In spite of those shortcomings, I enjoyed the show far more than I expected to. And judging by those around me, those in the audience had a great night, too.

In closing, there can be no doubt that OMD are the architects of their very lengthy career and the moral of the story is good songs will always endure.

Setlist: Sealand | Georgia | The New Stone Age | She’s Leaving | Souvenir | Joan of Arc | Maid of Orleans | The Beginning and the End | Atomic Ranch | Messages | Tesla Girls | History of Modern | (Forever) Live and Die | Don’t Go | So In Love | Locomotion | Pandora’s Box | Sailing on the Seven Seas | Enola Gay | | If You Leave | Electricity | The Romance of the Telescope

“To me, shooting live music is all about capturing the personality of the performer and the emotion of their performance. And then creating an iconic image.”

Behind the shot: These portraits were taken using the Olympus OM-D E-M1 with the M Zuiko 1.8 75mm lens. I was only able to shoot the first three songs from the pit. The challenge as always was to come away with a set of interesting images that were different from those taken by all the other photographers shooting the tour, but OMD were tricky to shoot. Throughout the opening song, they performed in almost complete darkness with Andy or Paul hardly moving. That they were clad in all-black, didn’t help either. For the other two songs, Paul remained static and dimly lit behind his keyboard, while Andy sped across the stage, rarely staying still. And, surprise surprise, the lighting only really got interesting on song four! The wider stage shots were taken from my seat with the iPhone 12. Photographed in Brighton on 16 November 2021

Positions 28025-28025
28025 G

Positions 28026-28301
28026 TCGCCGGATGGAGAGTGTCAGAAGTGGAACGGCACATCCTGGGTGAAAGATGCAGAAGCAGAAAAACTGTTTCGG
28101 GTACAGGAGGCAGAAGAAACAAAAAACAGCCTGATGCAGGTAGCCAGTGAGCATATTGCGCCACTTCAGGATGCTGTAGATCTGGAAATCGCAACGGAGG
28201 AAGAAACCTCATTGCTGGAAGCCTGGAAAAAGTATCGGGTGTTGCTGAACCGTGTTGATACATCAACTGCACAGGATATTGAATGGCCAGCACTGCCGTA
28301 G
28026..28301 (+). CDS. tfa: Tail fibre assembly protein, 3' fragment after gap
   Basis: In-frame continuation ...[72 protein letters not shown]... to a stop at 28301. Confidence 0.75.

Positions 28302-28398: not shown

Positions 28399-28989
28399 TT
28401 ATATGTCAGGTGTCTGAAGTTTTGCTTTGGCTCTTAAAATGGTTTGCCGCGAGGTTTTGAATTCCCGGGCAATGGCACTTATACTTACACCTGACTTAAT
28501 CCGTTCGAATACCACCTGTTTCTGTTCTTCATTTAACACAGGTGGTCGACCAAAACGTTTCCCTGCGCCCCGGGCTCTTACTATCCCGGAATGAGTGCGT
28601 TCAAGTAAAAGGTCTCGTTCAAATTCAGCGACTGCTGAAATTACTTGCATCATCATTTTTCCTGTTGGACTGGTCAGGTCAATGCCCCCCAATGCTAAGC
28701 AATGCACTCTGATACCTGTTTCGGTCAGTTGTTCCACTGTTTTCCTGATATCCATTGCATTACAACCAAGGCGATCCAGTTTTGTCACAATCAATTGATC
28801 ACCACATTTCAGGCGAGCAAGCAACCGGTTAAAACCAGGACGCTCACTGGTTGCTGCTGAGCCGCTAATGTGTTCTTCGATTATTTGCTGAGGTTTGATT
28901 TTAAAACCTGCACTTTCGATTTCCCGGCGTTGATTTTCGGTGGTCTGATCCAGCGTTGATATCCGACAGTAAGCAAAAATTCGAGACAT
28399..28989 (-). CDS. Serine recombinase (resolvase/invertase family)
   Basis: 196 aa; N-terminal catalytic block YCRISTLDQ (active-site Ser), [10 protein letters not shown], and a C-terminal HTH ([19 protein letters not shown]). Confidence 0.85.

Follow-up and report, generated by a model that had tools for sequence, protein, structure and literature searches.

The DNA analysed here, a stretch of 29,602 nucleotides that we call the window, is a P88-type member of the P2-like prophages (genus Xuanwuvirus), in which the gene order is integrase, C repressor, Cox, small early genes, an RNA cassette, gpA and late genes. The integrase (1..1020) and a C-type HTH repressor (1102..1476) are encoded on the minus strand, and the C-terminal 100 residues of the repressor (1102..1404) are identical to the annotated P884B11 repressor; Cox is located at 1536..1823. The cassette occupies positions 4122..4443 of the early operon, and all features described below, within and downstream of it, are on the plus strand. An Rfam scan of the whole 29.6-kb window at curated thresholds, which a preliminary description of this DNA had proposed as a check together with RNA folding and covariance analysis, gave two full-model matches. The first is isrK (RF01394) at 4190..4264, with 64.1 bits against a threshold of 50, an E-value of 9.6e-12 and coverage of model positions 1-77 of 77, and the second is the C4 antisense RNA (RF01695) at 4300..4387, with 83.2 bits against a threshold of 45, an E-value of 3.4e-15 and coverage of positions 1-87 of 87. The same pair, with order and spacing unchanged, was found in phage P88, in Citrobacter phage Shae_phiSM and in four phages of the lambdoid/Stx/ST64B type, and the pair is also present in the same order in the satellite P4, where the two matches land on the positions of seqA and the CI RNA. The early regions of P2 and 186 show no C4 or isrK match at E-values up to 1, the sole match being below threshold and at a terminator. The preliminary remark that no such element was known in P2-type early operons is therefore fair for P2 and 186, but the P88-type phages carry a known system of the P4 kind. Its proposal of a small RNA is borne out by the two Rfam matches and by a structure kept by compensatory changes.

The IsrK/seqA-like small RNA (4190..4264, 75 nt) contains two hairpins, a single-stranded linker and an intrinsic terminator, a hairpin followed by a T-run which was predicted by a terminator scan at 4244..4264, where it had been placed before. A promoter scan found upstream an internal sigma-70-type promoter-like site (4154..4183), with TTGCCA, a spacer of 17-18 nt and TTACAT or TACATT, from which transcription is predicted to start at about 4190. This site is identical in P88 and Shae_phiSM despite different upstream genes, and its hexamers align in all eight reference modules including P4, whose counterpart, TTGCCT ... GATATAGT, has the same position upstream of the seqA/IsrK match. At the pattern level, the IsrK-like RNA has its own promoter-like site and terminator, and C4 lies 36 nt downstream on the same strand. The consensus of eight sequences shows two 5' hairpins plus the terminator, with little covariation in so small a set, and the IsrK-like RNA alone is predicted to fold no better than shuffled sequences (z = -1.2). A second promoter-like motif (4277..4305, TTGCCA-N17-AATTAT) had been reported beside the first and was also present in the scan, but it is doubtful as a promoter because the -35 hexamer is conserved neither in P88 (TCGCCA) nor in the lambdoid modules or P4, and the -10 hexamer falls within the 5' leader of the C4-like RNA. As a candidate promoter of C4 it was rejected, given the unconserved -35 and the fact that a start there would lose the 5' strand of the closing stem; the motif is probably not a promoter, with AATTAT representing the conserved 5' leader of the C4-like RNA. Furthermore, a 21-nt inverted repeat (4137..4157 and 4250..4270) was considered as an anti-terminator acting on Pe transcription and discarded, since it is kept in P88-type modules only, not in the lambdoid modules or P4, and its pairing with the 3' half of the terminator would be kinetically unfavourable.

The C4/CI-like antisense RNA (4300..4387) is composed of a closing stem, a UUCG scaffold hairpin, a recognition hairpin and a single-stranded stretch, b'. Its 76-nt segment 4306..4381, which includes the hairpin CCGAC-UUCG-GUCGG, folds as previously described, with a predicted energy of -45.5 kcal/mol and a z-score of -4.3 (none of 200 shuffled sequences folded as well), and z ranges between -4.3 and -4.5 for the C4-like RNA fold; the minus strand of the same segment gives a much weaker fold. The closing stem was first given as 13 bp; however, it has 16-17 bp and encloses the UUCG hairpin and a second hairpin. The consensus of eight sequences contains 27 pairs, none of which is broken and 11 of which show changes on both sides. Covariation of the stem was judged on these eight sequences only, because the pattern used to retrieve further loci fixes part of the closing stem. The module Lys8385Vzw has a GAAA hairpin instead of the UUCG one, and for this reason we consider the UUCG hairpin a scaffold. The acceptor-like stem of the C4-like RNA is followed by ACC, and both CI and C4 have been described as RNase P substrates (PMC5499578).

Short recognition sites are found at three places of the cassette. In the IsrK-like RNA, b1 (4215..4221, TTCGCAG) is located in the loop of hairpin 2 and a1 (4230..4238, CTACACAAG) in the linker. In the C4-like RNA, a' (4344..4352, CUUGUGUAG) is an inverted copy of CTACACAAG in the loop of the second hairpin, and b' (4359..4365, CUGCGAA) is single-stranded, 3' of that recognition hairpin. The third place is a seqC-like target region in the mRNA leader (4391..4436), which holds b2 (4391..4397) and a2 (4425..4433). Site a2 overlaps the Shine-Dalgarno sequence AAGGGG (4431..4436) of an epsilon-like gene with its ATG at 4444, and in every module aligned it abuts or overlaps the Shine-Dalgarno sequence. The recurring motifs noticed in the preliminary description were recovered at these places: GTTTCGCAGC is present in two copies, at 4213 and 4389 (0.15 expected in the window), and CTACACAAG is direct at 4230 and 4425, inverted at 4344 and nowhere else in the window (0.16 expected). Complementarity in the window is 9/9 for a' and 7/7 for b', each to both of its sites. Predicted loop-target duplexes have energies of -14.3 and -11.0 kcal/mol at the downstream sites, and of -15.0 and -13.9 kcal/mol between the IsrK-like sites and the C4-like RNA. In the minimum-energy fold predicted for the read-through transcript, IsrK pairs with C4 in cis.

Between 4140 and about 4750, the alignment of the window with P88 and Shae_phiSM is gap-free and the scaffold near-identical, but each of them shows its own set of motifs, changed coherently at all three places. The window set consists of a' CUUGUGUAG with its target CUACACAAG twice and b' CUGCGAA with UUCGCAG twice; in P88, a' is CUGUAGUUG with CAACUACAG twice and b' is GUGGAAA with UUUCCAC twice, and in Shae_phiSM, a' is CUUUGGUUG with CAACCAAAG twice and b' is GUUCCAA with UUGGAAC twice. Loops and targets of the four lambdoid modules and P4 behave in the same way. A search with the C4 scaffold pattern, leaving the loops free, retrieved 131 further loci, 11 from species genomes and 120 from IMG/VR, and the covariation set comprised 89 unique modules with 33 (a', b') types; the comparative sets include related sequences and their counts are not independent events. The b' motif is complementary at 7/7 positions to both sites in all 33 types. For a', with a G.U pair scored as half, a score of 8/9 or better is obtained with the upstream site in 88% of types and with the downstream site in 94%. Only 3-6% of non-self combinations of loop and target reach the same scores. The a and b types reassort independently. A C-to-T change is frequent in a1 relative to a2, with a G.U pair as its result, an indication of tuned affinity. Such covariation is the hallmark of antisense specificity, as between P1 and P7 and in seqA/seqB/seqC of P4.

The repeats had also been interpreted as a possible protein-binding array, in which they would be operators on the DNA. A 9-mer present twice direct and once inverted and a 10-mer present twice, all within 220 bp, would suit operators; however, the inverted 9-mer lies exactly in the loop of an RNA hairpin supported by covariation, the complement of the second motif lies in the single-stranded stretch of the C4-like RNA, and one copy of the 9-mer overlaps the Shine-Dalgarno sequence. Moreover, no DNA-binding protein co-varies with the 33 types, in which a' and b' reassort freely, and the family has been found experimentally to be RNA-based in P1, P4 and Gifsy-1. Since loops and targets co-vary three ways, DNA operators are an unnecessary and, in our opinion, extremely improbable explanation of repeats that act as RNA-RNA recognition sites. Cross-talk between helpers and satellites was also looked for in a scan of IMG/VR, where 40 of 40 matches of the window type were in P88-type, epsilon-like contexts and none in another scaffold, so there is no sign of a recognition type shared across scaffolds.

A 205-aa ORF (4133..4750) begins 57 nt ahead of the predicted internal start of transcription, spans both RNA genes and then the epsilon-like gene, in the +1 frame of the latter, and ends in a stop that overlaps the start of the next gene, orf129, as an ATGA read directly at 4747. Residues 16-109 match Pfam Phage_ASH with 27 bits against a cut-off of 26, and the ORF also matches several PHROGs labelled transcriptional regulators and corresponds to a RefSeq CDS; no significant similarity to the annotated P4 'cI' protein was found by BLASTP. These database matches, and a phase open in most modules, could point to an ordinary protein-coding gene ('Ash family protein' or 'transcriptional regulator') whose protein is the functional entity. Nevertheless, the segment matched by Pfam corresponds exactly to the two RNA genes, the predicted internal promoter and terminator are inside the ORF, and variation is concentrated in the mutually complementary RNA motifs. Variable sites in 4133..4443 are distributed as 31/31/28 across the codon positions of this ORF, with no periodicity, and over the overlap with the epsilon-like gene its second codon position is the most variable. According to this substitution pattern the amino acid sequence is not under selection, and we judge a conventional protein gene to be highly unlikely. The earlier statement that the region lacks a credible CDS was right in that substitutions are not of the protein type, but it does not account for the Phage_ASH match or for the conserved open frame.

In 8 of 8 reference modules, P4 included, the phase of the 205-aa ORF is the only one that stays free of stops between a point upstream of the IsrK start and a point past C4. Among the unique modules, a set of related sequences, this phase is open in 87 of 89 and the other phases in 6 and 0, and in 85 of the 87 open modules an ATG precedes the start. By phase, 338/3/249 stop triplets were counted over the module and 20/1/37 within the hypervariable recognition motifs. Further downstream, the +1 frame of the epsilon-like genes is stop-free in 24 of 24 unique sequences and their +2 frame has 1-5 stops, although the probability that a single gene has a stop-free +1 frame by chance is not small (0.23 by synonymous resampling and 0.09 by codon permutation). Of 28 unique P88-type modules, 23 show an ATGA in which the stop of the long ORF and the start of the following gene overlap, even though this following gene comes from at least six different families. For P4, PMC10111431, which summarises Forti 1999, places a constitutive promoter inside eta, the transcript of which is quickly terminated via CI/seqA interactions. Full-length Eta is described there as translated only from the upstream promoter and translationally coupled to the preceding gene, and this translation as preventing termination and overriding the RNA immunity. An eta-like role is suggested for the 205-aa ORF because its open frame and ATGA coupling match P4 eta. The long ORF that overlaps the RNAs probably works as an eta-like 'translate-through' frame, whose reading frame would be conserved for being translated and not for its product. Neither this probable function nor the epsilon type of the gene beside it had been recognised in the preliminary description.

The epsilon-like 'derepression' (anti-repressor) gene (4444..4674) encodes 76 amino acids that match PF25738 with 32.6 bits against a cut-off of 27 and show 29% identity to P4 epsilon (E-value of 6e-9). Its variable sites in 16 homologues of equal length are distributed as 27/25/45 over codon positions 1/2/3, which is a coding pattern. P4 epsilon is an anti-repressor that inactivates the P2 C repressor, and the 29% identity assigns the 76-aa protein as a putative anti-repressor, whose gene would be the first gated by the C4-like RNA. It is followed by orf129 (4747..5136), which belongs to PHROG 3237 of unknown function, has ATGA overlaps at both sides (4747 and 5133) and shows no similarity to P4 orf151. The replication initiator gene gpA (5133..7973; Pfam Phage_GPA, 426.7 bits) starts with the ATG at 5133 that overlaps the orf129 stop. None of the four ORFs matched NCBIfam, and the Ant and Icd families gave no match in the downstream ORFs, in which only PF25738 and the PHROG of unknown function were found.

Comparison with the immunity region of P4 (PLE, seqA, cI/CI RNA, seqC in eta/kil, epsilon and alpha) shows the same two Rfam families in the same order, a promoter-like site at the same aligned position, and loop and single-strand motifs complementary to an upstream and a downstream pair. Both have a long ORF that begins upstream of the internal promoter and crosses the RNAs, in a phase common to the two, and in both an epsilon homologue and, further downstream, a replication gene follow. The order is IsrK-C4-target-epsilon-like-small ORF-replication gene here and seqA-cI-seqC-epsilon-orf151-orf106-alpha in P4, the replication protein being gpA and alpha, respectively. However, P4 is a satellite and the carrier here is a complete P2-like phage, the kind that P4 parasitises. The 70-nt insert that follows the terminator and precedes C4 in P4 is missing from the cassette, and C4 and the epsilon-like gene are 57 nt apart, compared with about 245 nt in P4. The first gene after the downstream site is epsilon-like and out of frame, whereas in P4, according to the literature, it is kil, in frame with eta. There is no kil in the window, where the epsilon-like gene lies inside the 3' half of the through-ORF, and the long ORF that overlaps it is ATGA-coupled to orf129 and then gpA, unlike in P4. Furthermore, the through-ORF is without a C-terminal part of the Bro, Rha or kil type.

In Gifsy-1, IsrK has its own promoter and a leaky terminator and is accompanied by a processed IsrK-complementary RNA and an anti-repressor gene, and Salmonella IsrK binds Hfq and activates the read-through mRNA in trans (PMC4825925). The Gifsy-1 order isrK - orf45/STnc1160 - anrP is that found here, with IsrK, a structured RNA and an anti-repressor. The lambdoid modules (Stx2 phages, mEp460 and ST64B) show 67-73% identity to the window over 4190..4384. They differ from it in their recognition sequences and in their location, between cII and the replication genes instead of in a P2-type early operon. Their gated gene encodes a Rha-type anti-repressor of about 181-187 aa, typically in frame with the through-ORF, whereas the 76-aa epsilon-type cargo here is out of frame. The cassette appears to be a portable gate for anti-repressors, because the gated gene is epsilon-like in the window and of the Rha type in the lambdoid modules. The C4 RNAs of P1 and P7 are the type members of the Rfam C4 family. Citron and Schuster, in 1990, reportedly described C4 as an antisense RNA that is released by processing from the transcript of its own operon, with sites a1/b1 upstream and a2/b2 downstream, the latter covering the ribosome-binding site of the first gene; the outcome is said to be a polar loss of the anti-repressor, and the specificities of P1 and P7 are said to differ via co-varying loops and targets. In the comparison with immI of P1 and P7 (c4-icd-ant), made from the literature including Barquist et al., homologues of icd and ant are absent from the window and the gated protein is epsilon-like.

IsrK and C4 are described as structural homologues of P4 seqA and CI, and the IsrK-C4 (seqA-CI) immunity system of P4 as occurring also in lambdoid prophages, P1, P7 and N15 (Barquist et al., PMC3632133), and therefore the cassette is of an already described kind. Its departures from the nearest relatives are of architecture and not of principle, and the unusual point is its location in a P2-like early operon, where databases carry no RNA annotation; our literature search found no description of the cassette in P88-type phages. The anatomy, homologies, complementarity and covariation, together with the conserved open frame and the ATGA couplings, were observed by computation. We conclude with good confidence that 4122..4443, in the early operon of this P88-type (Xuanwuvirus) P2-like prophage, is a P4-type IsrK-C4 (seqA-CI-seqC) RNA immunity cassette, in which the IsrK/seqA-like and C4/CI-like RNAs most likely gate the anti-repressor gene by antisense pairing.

About the author: Based in Sussex-by-the-Sea, on England’s south coast, Gary is a creative writer and image-maker. He specialises in out of the ordinary portraits of musicians and people with interesting faces, as well as photographing some of the world’s finest flowers and gardens. With no concerts or major events taking place during lockdown, Gary turned his attention to creatively capturing the landscapes of West Sussex. On the writing side, he also penned deep dives into some of his favourite songs beginning with Bryan Ferry’s ‘These Foolish Things’ ‘Ghost Town’ by The Specials and ‘All The Young Dudes’ by Mott the Hoople. Most recently, he has written a biography of Robert Palmer and the story behind Whitesnake’s ‘Still Of The Night’. All these can be found here on Medium, along with his reviews of gigs and events and chats with musicians.




Creator of images that are out of the ordinary, reviewer of live music and live events and interviewer of interesting people

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Gary Marlowe

Gary Marlowe

Creator of images that are out of the ordinary, reviewer of live music and live events and interviewer of interesting people